Say hello to my little friend! She (pretty sure she's a 'she') is a Smith-Corona Classic 12 portable manual typewriter, that I bought a few weeks ago from someone on Craigslist (photo credit to the seller). I got new ribbons…
Having discussed and played with some concrete materials, we then moved on to a broader view of materials, in the form of Ergonomics and The Writing Space.
It is alarmingly easy to injure yourself, when you sit in one attitude for long periods as you do when writing (especially on a computer). Those who write on laptops are at increased risk, depending on how they position the laptop. I know this from personal, painful, experience, and will never take ergonomics for granted again.
We were given an ergonomics assignment for homework. Take a photo (or have someone take a photo) or make a drawing of yourself in your writing space, and complete the ergonomics checklist we were given. I felt pretty confident in my own space – it’s a proper desk with keyboard tray, etc., after all – but doing this made me aware of some deficiencies. This photo – and the discussion in class – shows that I need a wider keyboard tray so I can have my mouse/trackpad beside my keyboard rather than above/behind. I also need to adjust my chair height, to improve the angle of my wrists. And I could do with a lumbar roll.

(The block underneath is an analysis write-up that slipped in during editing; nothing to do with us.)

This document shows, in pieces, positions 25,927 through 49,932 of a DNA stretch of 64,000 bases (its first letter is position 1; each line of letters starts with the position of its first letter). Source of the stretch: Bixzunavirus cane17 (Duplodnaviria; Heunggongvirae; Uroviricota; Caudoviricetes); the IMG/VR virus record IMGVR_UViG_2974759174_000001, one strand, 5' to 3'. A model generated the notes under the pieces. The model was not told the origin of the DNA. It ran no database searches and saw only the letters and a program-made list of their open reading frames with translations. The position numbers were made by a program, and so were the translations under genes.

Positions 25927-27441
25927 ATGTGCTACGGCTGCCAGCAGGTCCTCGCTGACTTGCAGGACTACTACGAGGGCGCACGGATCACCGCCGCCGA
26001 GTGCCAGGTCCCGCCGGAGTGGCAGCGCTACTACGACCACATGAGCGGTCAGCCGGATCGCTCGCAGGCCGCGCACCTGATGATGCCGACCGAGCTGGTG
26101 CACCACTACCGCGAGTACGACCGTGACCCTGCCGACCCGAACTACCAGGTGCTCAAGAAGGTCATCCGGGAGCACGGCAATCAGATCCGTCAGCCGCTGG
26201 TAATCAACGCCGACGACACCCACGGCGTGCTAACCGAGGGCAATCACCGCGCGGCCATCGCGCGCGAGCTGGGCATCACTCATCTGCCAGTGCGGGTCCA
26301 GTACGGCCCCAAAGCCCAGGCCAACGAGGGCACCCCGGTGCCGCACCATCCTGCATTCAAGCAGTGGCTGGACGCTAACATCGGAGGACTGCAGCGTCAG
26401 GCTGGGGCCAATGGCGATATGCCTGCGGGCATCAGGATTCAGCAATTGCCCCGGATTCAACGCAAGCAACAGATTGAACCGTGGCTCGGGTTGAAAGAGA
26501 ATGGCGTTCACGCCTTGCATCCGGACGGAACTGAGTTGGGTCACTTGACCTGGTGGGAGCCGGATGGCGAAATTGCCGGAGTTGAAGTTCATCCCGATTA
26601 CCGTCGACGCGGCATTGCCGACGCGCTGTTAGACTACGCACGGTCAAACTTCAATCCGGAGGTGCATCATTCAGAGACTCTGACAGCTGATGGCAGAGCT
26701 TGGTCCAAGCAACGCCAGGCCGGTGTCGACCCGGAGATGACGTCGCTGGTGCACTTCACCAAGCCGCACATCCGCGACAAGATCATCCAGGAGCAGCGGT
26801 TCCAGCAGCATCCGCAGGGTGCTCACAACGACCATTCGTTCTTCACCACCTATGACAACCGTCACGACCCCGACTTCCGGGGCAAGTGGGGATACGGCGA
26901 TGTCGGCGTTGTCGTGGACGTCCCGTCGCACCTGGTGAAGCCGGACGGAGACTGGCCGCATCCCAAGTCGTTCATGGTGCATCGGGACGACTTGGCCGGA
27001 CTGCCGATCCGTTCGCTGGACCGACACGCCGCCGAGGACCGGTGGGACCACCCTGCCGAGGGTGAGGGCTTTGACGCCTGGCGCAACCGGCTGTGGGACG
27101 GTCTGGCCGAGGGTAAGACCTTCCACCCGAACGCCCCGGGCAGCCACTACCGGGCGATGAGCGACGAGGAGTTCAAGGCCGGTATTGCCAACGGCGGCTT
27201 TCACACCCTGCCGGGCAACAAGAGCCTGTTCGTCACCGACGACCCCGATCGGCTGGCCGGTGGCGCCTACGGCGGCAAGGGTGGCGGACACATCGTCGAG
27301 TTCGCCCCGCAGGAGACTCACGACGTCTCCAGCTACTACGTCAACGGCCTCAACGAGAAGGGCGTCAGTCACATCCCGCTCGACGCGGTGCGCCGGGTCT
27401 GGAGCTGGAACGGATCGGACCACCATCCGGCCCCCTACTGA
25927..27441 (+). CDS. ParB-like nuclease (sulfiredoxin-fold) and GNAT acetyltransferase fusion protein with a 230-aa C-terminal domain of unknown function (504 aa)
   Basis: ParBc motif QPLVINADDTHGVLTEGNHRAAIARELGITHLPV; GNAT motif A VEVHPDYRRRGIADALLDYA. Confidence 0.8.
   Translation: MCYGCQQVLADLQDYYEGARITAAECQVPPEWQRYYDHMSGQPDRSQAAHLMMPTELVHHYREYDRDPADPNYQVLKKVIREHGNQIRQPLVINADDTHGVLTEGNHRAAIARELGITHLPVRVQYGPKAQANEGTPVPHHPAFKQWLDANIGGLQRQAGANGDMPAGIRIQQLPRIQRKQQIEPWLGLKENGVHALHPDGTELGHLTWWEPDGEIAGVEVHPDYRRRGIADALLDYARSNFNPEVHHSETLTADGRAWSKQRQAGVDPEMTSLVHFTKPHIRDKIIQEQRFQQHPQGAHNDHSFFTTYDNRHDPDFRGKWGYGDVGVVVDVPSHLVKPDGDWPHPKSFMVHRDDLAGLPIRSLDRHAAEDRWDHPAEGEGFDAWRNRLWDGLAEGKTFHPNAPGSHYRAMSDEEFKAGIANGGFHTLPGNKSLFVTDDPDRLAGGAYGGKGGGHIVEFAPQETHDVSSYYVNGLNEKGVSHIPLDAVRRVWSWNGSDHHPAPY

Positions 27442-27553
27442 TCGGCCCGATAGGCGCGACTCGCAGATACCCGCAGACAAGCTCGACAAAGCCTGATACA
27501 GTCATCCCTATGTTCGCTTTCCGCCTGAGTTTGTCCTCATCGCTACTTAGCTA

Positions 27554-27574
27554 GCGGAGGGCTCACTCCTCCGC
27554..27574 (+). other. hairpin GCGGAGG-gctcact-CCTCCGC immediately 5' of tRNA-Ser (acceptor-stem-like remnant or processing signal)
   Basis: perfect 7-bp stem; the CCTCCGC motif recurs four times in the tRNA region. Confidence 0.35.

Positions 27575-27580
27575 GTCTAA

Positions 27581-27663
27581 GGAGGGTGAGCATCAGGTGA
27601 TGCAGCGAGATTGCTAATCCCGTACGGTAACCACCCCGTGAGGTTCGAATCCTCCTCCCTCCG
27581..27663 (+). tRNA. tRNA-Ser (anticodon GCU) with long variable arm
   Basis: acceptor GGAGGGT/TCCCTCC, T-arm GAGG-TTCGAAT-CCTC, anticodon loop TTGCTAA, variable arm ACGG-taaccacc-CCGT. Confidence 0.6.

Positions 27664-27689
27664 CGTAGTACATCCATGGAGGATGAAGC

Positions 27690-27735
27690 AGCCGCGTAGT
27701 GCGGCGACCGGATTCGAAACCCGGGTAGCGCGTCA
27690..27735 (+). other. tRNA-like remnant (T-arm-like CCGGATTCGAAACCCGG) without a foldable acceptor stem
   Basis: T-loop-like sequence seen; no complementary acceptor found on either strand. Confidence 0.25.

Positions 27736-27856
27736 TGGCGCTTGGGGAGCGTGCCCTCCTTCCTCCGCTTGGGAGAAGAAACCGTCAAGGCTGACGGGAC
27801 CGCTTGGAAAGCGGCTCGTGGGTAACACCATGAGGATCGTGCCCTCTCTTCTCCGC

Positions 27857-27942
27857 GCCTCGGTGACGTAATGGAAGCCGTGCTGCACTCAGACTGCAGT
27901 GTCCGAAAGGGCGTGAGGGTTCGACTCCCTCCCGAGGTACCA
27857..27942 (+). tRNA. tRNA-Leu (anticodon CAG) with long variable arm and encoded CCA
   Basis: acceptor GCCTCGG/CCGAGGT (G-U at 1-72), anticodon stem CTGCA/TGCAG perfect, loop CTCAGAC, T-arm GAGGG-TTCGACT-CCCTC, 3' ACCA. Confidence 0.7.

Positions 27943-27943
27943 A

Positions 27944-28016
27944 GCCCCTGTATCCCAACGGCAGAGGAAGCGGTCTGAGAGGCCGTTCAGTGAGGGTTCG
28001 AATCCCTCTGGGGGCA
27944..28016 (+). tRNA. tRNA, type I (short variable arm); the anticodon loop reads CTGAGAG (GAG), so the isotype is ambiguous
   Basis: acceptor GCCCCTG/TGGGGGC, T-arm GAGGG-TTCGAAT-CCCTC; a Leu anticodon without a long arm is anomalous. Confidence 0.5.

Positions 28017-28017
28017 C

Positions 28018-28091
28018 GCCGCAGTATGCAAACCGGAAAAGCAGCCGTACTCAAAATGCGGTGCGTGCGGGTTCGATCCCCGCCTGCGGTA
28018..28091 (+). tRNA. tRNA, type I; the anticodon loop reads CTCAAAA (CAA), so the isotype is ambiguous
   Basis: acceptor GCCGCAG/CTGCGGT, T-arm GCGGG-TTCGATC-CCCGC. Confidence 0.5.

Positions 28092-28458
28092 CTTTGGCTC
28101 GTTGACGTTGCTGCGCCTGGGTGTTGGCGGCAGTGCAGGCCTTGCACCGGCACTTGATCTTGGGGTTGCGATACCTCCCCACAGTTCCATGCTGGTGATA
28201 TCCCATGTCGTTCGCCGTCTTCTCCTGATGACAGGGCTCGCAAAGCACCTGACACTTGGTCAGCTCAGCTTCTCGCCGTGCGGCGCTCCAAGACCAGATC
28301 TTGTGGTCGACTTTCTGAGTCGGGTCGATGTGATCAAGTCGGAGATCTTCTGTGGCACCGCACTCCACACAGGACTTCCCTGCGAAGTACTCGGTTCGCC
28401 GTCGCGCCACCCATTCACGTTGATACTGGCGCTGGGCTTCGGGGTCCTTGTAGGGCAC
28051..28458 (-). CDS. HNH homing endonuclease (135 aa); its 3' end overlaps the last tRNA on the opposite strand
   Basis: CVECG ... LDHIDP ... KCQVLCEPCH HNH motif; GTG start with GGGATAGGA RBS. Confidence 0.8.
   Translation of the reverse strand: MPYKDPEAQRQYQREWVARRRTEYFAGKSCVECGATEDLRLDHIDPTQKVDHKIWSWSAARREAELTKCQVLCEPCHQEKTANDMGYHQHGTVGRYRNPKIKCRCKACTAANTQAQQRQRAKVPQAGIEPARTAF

I expected a discussion of Materials to be about pens, paper, printers, notebooks, computers, software, that kind of thing. And, because I know nothing, that’s exactly what it was not about, except in the most abstract way.
The first thing Betsy did was to start colouring outside the lines, metaphorically speaking.
With that understood, she asked, what is materials? The answer: materials is everything. (As in, everything, everyone, everywhere, all the time. Including your physical presence and body.) And then we did some exercises with and about materials.